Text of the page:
Saturday, September 18, 2010

Congratulate me, I’m the winner!

Several articles from this blog have participated in Tell Your Windows Debugging Story Annual Competition. Few days ago Dmitry Vostokov introduced the winners of the competition. I’m glad to tell you that this blog is among them!

The way to find a hotspot

Today I want to describe the way to find a hotspot without profilers. I often use this approach and find it effective and simple enough. The only tools you need are any Windows debugger (I prefer WinDbg, but you can use your favorite one) which should always be in your hands if you decided to investigate some performance issue (as well as any other problem with your software) and tool like Process Explorer which available free from Windows Sysinternals. You can use this method without profiler at all or in conjunction with profiler to clarify the result of profilers work.

Before explaining the approach, I want to define the term “hotspot”. There are different definitions which can be applied in different contexts. In this article we consider a hotspot as a limited set of instructions on which execution spends significant CPU time or more CPU time than you expect from it.

The process is divided into the three steps. If you used a profiler and have a call graph, you can miss the first two steps and jump to step number three to verify the profilers result and find out the hotspot most precisely. Nevertheless, I recommend you to go through all steps because the results returned by profilers sometimes can be very obscure and you will lose time rolling around a call graph or other related information. Even if your profiler was absolutely right, you’ll have one more confirmation of its result. Sometimes it’s better to check twice :)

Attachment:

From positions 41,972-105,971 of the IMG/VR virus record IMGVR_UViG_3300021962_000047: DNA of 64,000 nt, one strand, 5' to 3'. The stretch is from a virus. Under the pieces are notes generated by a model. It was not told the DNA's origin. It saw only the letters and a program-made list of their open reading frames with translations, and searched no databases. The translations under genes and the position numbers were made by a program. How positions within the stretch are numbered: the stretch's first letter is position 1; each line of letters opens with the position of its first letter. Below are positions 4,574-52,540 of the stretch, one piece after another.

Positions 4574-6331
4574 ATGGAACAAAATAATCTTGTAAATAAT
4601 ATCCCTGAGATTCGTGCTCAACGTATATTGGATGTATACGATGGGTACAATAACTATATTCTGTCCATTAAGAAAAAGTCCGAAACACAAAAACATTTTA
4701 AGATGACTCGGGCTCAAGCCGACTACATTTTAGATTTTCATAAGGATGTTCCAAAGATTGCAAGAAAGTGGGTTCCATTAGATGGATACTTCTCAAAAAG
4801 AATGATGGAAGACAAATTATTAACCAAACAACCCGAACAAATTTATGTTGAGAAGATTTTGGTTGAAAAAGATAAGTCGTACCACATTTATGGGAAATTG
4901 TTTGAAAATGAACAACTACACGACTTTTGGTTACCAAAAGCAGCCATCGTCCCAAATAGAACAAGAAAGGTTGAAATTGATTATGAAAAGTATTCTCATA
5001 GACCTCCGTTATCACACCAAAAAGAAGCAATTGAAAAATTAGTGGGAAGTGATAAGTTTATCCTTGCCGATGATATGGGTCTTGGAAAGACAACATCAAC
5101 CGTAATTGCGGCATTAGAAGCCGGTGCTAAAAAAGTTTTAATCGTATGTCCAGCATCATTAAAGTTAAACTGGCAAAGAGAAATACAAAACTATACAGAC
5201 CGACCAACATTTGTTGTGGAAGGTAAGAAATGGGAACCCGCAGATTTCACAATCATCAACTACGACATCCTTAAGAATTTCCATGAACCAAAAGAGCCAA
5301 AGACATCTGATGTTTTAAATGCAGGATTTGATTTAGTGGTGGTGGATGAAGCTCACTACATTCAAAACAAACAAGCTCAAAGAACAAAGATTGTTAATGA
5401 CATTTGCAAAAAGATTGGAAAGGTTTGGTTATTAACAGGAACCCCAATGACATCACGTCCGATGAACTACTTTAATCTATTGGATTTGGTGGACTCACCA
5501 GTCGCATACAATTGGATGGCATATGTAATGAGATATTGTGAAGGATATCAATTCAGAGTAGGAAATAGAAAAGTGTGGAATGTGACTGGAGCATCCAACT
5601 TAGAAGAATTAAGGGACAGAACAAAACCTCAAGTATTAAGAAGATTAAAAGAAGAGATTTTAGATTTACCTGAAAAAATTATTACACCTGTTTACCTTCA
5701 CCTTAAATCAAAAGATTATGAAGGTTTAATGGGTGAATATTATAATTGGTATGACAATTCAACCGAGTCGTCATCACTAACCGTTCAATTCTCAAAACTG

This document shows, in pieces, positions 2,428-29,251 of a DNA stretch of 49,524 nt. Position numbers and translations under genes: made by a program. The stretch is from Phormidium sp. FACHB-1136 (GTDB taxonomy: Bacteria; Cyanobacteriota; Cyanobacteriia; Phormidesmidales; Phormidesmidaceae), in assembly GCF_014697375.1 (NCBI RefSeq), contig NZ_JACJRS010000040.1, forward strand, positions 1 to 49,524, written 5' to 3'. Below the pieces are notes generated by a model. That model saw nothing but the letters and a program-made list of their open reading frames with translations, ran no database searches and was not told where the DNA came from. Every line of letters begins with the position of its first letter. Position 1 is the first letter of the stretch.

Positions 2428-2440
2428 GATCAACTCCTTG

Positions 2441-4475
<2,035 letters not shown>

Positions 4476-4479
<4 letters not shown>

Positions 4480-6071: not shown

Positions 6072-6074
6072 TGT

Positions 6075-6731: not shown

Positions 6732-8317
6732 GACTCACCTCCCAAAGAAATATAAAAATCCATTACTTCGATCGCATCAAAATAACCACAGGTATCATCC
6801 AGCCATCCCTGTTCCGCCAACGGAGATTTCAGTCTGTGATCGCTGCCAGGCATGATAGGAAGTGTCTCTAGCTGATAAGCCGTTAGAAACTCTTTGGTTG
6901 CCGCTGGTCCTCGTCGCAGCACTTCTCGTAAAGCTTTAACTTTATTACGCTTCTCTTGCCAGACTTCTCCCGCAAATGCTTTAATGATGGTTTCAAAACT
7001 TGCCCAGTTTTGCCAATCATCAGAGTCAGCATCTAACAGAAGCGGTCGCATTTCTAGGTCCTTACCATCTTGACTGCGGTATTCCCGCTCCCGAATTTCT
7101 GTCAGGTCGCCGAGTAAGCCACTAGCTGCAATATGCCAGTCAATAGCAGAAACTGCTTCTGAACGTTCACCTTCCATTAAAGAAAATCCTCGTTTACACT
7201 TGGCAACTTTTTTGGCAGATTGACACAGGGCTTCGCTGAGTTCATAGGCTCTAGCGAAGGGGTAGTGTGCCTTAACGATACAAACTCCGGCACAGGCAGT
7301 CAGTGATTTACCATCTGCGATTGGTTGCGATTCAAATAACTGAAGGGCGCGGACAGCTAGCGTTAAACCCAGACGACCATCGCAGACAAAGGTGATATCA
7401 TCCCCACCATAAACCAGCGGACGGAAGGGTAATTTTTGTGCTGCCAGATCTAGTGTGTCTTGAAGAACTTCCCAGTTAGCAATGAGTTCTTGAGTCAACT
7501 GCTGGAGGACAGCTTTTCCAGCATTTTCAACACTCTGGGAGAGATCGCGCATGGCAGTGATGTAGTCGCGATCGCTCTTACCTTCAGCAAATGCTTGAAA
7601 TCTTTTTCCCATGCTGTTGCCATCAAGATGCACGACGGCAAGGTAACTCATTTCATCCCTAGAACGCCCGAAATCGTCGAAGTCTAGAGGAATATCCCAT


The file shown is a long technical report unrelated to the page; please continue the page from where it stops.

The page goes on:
Thursday, September 9, 2010

The bug in MFC tool tip control

Yesterday, I encountered the bug in MFC’s tool tip control implementation.
The bug dozes in the following code:

LRESULT CToolTipCtrl::OnAddTool(WPARAM wParam, LPARAM lParam)
    TOOLINFO ti = *(LPTOOLINFO)lParam;     <----- HERE
    if ((ti.hinst == NULL) && (ti.lpszText != LPSTR_TEXTCALLBACK)
        && (ti.lpszText != NULL))
        void* pv;
        if (!m_mapString.Lookup(ti.lpszText, pv))
            m_mapString.SetAt(ti.lpszText, NULL);
        // set lpszText to point to the permanent memory associated
        // with the CString
        VERIFY(m_mapString.LookupKey(ti.lpszText, ti.lpszText));
    return DefWindowProc(TTM_ADDTOOL, wParam, (LPARAM)&ti);

Friday, September 3, 2010

To untangle a rope

Last weekend I was launching a kite with my daughter and her friend. It was great fun, but when I was veering the kite down its string entangled. I spent about 30 minutes (maybe even more – time flies fast :)) to untangle the string. I followed the string loops, analyzed the types of knots, imagined what will happen to string if I pass it through one loop or another. I went through a lot of different combinations inside my mind and devised more and more new techniques. When I finished finally, I felt satisfaction. I felt no tiredness or irritation, furthermore I had the feeling like I untangle the strings all my life. Then I thought about it I realized that it’s not far from the truth. The process of untangling string (as well as rope, chain and so on) is very similar with the process of software defects researching (the term was first introduced by Dmitry Vostokov). So if you in doubt to be software researcher or not – try to untangle a rope first :)

Thursday, September 2, 2010

Can lightning strike the same place twice? (Or can a bomb to hit an elephant?)

In the old soviet movie about World War II was mentioned the story about the old Professor of Mathematics. When Leningrad has been bombing he is never descended to bombshelter along with other people. He told that he calculated the probability of bomb hitting his house and the probability was too small to hiding from bombs. But one day his neighbors saw him in a bombshelter and asked why is he hiding with others. He replied that on that day a bomb hit the only elephant in the cities zoo, and probability of hitting the elephant was absolutely equal with probability of been hit himself.

Why did I remember this story? Because during the last week I encountered twice with the failures which was the result of circumstances those probability was very low. Like people say: “If gun is hanging on the wall it will shoot one day or another”.